Fuelling the future
CEO Dr Renosi Mokate, who has been at the helm of the organisation for two years, says it has indeed been a tough challenge which has taken longer than planned.
The origins of the CEF go back to 1964 with the formation of the Strategic Fuel Fund (SFF) to procure and store crude oil for South Africa's transport needs. Its primary task was to source petroleum for the country after sanctions were applied to the then apartheid government.
Since then, it has diversified its needs and services to become a multi-disciplinary organisation in the energy sector covering all forms of energy provision. It has a wide mandate which covers the chain from exploration right through to distribution.
Mokate, who was chosen for the post of CEO from a field of high calibre candidates, was seen as the right person to lead the CEF Group in the new century after its turbulent and rather tainted past. She came to the group from a background in both academia and business and formerly worked as an executive director for the Human Sciences Research Council in South Africa. She also previously served on the board of Soekor.
Currently, the CEF's core purpose is to provide South Africa with a reliable supply of crude oil and locally produced hydrocarbons.
This is achieved primarily by SFF's procurement and storage of crude oil, oil and gas exploration through what was previously Soekor, the offshore production and on-shore synfuels operations of Mossgas, undertaking fuels-based research and development projects and providing a range of complementary products and services for the country's fuel industry.
Says Mokate: "You have within the CEF group a range of companies that were established for strategic reasons that made sense at the time. But we needed to look at the whole conglomeration again and see what would make sense now."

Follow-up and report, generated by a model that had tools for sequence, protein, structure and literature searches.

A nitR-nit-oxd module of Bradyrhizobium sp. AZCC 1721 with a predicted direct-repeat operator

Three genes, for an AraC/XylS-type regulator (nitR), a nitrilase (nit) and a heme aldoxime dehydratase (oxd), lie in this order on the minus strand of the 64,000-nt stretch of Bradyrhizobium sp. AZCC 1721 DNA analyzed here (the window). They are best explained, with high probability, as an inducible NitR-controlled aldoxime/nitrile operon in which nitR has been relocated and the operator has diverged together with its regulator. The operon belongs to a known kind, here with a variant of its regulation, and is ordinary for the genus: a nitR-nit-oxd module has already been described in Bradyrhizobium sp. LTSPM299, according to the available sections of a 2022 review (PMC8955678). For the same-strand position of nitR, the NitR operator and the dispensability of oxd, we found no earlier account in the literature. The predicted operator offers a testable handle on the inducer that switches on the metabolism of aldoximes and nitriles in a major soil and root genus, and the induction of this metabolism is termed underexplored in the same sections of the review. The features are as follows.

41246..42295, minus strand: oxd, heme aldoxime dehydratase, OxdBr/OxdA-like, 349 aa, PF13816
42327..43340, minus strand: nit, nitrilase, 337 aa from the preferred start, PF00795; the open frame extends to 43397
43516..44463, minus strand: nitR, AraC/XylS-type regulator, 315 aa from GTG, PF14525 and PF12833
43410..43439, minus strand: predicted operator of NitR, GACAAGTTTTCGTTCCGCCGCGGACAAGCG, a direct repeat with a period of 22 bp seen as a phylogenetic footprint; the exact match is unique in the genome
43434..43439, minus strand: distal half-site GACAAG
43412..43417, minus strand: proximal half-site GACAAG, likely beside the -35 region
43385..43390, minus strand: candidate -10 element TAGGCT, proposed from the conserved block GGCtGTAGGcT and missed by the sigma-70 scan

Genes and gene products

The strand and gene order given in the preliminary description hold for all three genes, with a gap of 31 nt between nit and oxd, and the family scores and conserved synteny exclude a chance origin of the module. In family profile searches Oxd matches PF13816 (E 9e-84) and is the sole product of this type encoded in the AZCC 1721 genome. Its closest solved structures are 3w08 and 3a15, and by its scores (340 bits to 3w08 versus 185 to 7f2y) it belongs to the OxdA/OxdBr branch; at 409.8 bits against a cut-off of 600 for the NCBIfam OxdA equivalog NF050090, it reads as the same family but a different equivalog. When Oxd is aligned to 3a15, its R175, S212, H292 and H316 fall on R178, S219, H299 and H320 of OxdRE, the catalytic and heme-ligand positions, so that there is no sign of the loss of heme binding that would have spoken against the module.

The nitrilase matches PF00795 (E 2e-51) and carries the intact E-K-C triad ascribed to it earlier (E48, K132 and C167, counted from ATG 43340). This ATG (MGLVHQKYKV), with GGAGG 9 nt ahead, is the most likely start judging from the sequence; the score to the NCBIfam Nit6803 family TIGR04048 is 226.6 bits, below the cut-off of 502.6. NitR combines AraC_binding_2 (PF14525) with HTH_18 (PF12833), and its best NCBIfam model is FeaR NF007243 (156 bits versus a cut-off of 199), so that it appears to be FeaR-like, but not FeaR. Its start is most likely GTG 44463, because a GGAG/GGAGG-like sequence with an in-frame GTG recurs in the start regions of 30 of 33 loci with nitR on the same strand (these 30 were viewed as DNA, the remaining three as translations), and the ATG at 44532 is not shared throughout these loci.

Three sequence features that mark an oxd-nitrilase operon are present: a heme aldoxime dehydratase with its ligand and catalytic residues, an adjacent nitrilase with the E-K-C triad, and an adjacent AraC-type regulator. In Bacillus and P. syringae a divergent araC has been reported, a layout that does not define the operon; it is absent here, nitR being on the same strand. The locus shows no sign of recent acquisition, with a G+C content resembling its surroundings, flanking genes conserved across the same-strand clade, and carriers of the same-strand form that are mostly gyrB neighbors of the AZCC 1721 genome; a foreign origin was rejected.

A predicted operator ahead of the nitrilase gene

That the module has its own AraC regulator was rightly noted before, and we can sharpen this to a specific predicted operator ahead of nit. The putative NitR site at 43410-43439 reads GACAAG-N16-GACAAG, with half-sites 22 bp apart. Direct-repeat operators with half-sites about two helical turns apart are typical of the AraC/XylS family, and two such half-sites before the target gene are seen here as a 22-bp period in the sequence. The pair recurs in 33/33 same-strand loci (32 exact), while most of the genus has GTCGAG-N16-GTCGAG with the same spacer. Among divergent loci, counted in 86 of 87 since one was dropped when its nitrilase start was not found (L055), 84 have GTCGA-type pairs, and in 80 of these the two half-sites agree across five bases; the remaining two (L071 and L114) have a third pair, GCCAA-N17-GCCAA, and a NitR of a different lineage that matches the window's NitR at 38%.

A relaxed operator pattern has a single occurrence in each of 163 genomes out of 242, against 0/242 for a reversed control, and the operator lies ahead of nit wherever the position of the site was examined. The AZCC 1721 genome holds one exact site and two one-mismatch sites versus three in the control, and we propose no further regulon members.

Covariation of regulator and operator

CEF operates in terms of a mandate given it by the government. Key considerations in carrying out this mandate include sustainability and profitability to generate dividends for its share- holder - the government.
The restructuring of the group is intended to separate the state's strategic, regulatory and commercial activities.
A key part of the restructuring has been the amalgamation of exploration company Soekor, gas-to-liquids producer Mossgas and parts of the SFF into one company - PetroSA. This highly complex process, which has taken several years, is almost complete.
The cabinet decided last year that PetroSA would take the lead in evaluating the potential of west coast gas.
Large reservoirs of gas have been located off the coast of Namibia (the Kudu gas field), the west coast of South Africa (the Ibhubezi field where Forest Oil is involved in partnership with South African empowerment company Mvelaphanda), the south-east coast around Mossel Bay and off Mozambique on the east coast of Africa where gas is being sourced for South Africa from the Pande and Temane fields.
South Africa currently relies on coal for nearly 70 percent of its primary energy needs but is already examining alternative energy sources to deal with a surge in future demand.
"We know there is gas. The issue is what is the volume and the undertaking to develop this into commercial reality," says Mokate. Anchor customers are required to make this energy source viable. Mossgas is a natural market for gas off the South African coast while Sasol is an anchor customer with the Mozambique project.
The Cape Power Project, which aims to use natural gas for domestic energy needs, may be a forerunner in this regard, according to reports. The $700 million project would entail piping natural gas down the west coast to Cape Town.
In 1998, Soekor was given the man- date to explore beyond South Africa and has been looking at opportunities in the rest of Africa and the Middle East in countries such as Nigeria, Gabon, Algeria, Libya and Egypt.
Nigeria is a main supplier of crude oil (Bonny Light) to South Africa as is Iraq (Basrah Light).